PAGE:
The sitcom sub-genre of service comedies had all but died by the early 80's. Despite the fact that he had a poor track record with half-hour sitcoms while at Four Star, Aaron Spelling decided to give it one more try.
He sold ABC a modern-day service comedy, At Ease, which lasted three months in the spring of 1983. Considering that over on NBC, the action-adventure series, The A-Team, routinely presented military officers in pursuit of the titular heroes as being inept, a sitcom that tried to be a new generation Gomer Pyle was asking for trouble. Small wonder, then, that viewers tuned it out.
The ensemble cast Spelling assembled included Roger Bowen (ex-Arnie), who had been in the feature film version of "M*A*S*H", Richard Jaeckel (ex-Salvage 1), Jimmie Walker (ex-Good Times), whose last series for Spelling, B.A.D. Cats, similarly flopped a few years earlier, Josh Mostel (ex-Delta House), George Wyner, later of She's The Sheriff, and David Naughton ("An American Werewolf in London", ex-Makin' It), the former Dr. Pepper pitchman who was returning to television. Unfortunately, this would be his last go-round.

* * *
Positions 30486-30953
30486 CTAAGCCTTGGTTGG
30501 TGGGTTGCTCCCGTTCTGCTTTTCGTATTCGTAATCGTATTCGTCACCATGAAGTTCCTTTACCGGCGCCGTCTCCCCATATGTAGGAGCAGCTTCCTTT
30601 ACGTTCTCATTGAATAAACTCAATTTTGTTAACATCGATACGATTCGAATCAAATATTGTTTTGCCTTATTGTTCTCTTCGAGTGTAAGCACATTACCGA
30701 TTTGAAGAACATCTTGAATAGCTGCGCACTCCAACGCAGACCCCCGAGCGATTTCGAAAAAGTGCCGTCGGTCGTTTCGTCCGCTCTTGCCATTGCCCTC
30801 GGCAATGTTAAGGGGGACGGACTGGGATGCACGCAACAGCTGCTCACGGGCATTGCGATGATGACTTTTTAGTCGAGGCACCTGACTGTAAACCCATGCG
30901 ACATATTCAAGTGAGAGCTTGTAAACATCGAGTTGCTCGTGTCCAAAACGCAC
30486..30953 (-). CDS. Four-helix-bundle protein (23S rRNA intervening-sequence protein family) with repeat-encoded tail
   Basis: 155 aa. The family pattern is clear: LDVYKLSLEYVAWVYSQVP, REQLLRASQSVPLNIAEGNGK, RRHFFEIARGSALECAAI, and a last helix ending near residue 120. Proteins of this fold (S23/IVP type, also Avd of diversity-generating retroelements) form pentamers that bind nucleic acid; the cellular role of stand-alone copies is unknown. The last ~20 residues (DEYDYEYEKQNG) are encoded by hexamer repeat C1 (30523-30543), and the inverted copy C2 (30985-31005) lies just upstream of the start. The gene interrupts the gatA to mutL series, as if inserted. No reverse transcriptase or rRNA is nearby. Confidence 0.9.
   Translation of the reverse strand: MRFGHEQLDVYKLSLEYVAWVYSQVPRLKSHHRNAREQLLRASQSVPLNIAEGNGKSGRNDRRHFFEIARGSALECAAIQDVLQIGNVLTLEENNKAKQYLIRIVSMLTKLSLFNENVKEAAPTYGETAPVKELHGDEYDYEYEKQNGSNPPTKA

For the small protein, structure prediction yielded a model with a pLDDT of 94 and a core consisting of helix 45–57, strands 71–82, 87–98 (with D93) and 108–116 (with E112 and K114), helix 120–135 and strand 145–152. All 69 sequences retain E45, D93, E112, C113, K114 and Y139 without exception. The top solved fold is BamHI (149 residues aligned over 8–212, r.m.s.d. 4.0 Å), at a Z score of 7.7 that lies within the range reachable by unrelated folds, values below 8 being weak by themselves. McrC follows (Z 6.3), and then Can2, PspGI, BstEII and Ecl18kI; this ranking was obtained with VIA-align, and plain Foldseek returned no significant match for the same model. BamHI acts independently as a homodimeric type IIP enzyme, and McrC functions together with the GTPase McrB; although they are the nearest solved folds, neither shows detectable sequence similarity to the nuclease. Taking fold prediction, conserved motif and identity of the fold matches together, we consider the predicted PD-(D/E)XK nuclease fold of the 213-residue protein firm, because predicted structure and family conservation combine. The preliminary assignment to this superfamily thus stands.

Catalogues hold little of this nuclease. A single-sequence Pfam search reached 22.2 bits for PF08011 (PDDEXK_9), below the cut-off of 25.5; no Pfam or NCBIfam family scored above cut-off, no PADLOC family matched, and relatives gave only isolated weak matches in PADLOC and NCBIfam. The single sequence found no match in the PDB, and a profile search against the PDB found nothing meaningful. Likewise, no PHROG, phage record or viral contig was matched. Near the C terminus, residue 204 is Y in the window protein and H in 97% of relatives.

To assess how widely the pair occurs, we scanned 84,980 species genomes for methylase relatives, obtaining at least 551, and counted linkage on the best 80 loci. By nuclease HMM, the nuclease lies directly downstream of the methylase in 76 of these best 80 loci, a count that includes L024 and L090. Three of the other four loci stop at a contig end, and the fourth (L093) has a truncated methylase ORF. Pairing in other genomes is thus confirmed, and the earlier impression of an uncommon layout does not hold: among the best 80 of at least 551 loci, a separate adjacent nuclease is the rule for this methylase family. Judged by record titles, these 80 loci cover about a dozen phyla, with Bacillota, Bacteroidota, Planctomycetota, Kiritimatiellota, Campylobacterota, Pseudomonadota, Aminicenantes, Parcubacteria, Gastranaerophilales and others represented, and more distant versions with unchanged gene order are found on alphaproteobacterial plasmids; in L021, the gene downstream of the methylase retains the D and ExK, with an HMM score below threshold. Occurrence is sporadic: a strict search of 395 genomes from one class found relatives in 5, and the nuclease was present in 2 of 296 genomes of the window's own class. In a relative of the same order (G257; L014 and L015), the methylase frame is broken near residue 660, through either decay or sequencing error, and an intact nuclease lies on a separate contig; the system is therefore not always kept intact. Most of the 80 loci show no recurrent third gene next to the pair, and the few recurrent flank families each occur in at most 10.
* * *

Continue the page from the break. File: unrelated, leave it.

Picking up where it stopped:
As memory serves, At Ease aired on Fridays, as B.A.D. Cats did before it. Unfortunately, CBS still had the Dukes of Hazzard. Ballgame over.
Right now, let's take a look at the series opener, "A Tankful of Dollars":
Believe it or else, At Ease sprang from the mind of John Hughes, better known for his teen comedies later in the decade (i.e. "Sixteen Candles", "The Breakfast Club") and the "Home Alone" films. Producer E. Duke Vincent, a long time Spelling aide, had worked on Gomer Pyle, USMC. Edward H. Feldman, who directed one episode, had been a producer-director on Hogan's Heroes. Hy Averback's resume includes F-Troop and, if memory serves me, he might've also worked on You'll Never Get Rich, aka The Phil Silvers Show, aka Sgt. Bilko, from which At Ease gets most of its pedigree. Unfortunately, it was the last of its kind.